February 18, 2011

Hitchcock Retrospective in Silver Spring, MD

The AFI Silver Theater is the venue for Part 1 of a 3-part retrospective of famed British director Alfred Hitchock – and on the schedule are the two films he made with Peter Lorre: The Man Who Knew Too Much (1934) and Secret Agent (1936).

Showtimes for The Man Who Knew Too Much:
  • Feb. 19, Sat. – 1:00 pm
  • Feb. 20, Sun. – 2:30 pm
  • Feb. 21, Mon. – 5:15 pm
  • Feb. 23, Wed. – 9:30 pm
And for Secret Agent:
  • Mar. 5, Sat. – 1:00 pm
  • Mar. 6, Sun. – 7:00 pm

Ticket prices are $11 for general admission; $8.50 for AFI members; $9 for seniors, students and military; and $7 for children 12 and under. Matinee shows – Monday through Friday before 6 p.m. – are $8.50.

American Film Institute passes will be accepted for both The Man Who Knew Too Much and Secret Agent.

Tickets may be reserved on-line through the AFI Silver Theater website with no added fee; however, when picking up the tickets, you must show the same credit card used to reserve them. MasterCard, Visa, Discover, and American Express credit cards are accepted.

Scroll to the film's title and click the "Buy Tickets" button.

Tickets may also be purchased at the box office in advance or on the day. The box office opens 30 minutes before the first movie of the day.

The AFI Silver Theater is located at 8633 Colesville Road, at the corner of Colesville Road and Georgia Avenue, in Silver Spring, Maryland. Directions to the theater may be found on the theater’s website.

Parking is available at a variety of public parking decks around the theater. Closest is the Town Square Garage at 801 Ellsworth Drive. More information on parking can be found on the theater’s website, as well as the AFI Silver Theater page on the Silver Spring Downtown website; scroll down to the "Nearby Parking" section.

Lorre biographer Stephen Youngkin details the making of The Man Who Knew Too Much and Secret Agent in the pages of his book The Lost One: A Life of Peter Lorre (University Press of Kentucky, 2005).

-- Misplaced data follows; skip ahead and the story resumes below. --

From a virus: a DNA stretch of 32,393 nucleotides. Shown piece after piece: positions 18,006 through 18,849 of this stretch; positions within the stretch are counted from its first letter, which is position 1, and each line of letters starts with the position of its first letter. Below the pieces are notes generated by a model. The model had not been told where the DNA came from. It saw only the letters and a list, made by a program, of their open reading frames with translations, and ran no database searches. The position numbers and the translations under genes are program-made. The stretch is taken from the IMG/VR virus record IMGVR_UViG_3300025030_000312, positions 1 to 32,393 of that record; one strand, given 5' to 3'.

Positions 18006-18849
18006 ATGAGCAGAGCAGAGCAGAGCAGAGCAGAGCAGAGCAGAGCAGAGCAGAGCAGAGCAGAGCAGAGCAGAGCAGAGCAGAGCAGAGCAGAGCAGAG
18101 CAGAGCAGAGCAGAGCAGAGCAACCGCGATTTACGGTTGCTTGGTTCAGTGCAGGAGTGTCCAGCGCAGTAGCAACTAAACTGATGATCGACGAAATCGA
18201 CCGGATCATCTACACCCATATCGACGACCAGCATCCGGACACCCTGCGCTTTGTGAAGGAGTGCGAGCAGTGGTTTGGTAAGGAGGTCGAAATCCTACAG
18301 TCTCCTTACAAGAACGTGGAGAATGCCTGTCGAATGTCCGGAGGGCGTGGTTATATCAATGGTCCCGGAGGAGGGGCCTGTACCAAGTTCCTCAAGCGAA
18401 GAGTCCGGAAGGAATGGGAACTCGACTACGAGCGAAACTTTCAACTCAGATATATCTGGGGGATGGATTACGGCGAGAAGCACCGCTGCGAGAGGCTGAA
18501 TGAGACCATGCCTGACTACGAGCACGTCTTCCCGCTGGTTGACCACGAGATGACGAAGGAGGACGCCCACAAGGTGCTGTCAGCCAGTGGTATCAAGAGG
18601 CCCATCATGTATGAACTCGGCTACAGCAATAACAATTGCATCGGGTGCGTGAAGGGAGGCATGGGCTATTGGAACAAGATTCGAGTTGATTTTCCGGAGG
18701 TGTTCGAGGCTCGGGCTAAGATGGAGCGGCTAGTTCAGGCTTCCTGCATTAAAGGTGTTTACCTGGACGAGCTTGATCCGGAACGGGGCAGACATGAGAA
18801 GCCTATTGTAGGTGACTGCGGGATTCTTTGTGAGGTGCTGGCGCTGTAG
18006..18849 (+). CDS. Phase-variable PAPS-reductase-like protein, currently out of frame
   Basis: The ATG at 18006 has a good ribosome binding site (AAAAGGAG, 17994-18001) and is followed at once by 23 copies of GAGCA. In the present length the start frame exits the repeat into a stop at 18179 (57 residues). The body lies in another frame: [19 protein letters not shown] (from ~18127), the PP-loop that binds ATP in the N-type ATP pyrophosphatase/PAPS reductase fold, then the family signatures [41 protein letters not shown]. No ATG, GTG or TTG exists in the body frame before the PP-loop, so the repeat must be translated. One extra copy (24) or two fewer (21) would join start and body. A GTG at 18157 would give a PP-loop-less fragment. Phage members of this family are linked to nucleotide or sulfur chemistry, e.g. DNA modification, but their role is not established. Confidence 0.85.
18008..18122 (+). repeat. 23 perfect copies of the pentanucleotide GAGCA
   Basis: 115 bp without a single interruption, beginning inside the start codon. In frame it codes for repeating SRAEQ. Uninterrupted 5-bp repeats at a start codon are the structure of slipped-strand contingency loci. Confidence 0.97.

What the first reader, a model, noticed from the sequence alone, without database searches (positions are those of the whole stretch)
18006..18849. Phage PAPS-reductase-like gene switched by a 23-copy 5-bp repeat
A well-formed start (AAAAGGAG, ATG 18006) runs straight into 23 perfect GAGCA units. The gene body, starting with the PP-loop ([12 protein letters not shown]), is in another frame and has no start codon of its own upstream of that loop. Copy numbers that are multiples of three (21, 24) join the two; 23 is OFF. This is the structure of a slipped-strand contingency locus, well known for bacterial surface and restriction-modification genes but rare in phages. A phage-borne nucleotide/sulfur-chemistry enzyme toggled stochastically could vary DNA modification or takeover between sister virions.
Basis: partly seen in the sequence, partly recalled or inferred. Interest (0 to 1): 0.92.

Working on The Man Who Knew Too Much enabled Peter to gain a working understanding of the English language and English methods of film-making, which led to a contract with Columbia Studios and the start of his career in American movies.

However, his experiences on Secret Agent only a year later essentially ended his screen association with Alfred Hitchcock.

Towards the end of his career, Peter Lorre appeared in two episodes of the television series Alfred Hitchcock Presents: "The Diplomatic Corpse" (Dec. 8, 1957) and "Man From the South" (Mar. 13, 1960), the latter episode postponed from its original air-date of Jan. 3, 1960; CBS considered its gruesome storyline inappropriate for the holiday season. Although Hitchcock hosted the episodes, neither was among those he himself directed.


Anonymous said...

Nice Blog :) I have something Lorre related that is VERY rare. Do you know any SERIOUS Lorre collectors? Contact me at shadowoflove26@hotmail.com please.


Cheryl Morris said...

Glad you like the Peter Lorre News Blog! As to your question, Stephen Youngkin is a serious collector. Have you visited the official website for his book, The Lost One: A Life of Peter Lorre: http://www.PeterLorreBook.com? Except where noted, all images used on the site, as well as reproduced in the photo sections of his book, come from his own collection. You can get in touch with Mr. Youngkin through the website.